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Air Pollution

Air pollution, both indoors and outdoors, is a major environmental health problem affecting everyone in developed and developing countries alike. The 2005 WHO Air quality guidelines (AQGs) are designed to offer global guidance on reducing the health impacts of air pollution. The guidelines first produced in 19871 and updated in 19972 had a European scope. The new (2005) guidelines apply worldwide and are based on expert evaluation of current scientific evidence. They recommend revised limits for the concentration of selected air pollutants: particulate matter (PM), ozone (O3), nitrogen dioxide (NO2) and sulfur dioxide (SO2), applicable across all WHO regions.

Key facts

  • Air pollution is a major environmental risk to health. By reducing air pollution levels, we can help countries reduce the global burden of disease from respiratory infections, heart disease, and lung cancer.
  • The lower the levels of air pollution in a city, the better respiratory (both long- and short-term), and cardiovascular health of the population will be.
  • Indoor air pollution is estimated to cause approximately 2 million premature deaths mostly in developing countries. Almost half of these deaths are due to pneumonia in children under 5 years of age.
  • Urban outdoor air pollution is estimated to cause 1.3 million deaths worldwide per year. Those living in middle-income countries disproportionately experience this burden.
  • Exposure to air pollutants is largely beyond the control of individuals and requires action by public authorities at the national, regional and even international levels
  • The WHO Air quality guidelines represent the most widely agreed and up-to-date assessment of health effects of air pollution, recommending targets for air quality at which the health risks are significantly reduced. The Guidelines indicate that by reducing particulate matter (PM10) pollution from 70 to 20 micrograms per cubic metre, we can cut air quality related deaths by around 15%.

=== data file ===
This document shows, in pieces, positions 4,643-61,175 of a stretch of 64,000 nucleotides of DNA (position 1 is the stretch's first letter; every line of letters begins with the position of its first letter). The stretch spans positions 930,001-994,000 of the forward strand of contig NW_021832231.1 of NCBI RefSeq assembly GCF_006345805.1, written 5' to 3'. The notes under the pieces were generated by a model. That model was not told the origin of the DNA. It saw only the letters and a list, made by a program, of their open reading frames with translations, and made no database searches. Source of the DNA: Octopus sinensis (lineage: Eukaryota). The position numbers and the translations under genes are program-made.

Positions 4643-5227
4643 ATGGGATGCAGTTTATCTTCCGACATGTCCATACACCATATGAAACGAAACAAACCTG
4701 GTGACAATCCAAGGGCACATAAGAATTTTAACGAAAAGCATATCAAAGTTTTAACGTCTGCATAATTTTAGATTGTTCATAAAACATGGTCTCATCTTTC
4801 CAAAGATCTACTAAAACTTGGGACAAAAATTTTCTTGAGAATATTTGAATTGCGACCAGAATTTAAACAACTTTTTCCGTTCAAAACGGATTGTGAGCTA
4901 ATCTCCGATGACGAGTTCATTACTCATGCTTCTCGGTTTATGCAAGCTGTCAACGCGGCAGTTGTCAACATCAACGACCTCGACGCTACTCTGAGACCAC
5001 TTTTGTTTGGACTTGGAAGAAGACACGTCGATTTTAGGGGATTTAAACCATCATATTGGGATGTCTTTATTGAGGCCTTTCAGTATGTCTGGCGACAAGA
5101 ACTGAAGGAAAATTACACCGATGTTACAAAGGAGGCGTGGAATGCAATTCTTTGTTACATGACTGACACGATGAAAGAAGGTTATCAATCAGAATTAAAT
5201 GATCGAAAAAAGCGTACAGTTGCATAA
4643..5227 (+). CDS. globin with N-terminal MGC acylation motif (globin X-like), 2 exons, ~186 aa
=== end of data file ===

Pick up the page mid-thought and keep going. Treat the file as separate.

Air Pollution in China (videos on

Hazardous Air Quality Forces Beijing Residents Indoors

Enormous clouds of pollution cover skies in Beijing, China, now deemed the Air-Pocalypse.

Beijing's air quality plummets again

A thick grey pall hangs over Beijing's Tiananmen Square on Monday, blocking out much of the sunlight.

Air pollution in China

Thick air pollution fog blankets Chinese capital

Beijing residents are reaching for their face masks

From The Earth Protect Blogs


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Why “Go Big or Go Home” Doesn’t Work

by Cindy Jennings

The pressure to “See the Big Picture”, “Go Big or Go Home”, and to “Think Bigger” is prevalent across both pop culture and business culture. No wonder it is difficult for us to feel okay about taking any kind of small action or step toward our BHAG (Big Hairy Audacious Goal). Anything small isn’t good enough.

Earth Protect Welcomes New Team Members


Morgan Rider

Morgan Rider is an environmental engineer with over 20 years experience helping public and private sector organizations manage environmental impacts, risks and costs.  She worked with companies such as BMW North America, Xerox, Sutter Home Wines, Nike, LSI Logic and Ball Aerospace helping to develop and implement strategies and programs to reduce their environmental footprint.

Dena New

Dena New is an International Master of Business Administration (IMBA) candidate at Daniels College of Business at the University of Denver.   Focusing her studies on finance and sustainability, she is passionate about the use of sustainable business practices in conserving our global future.




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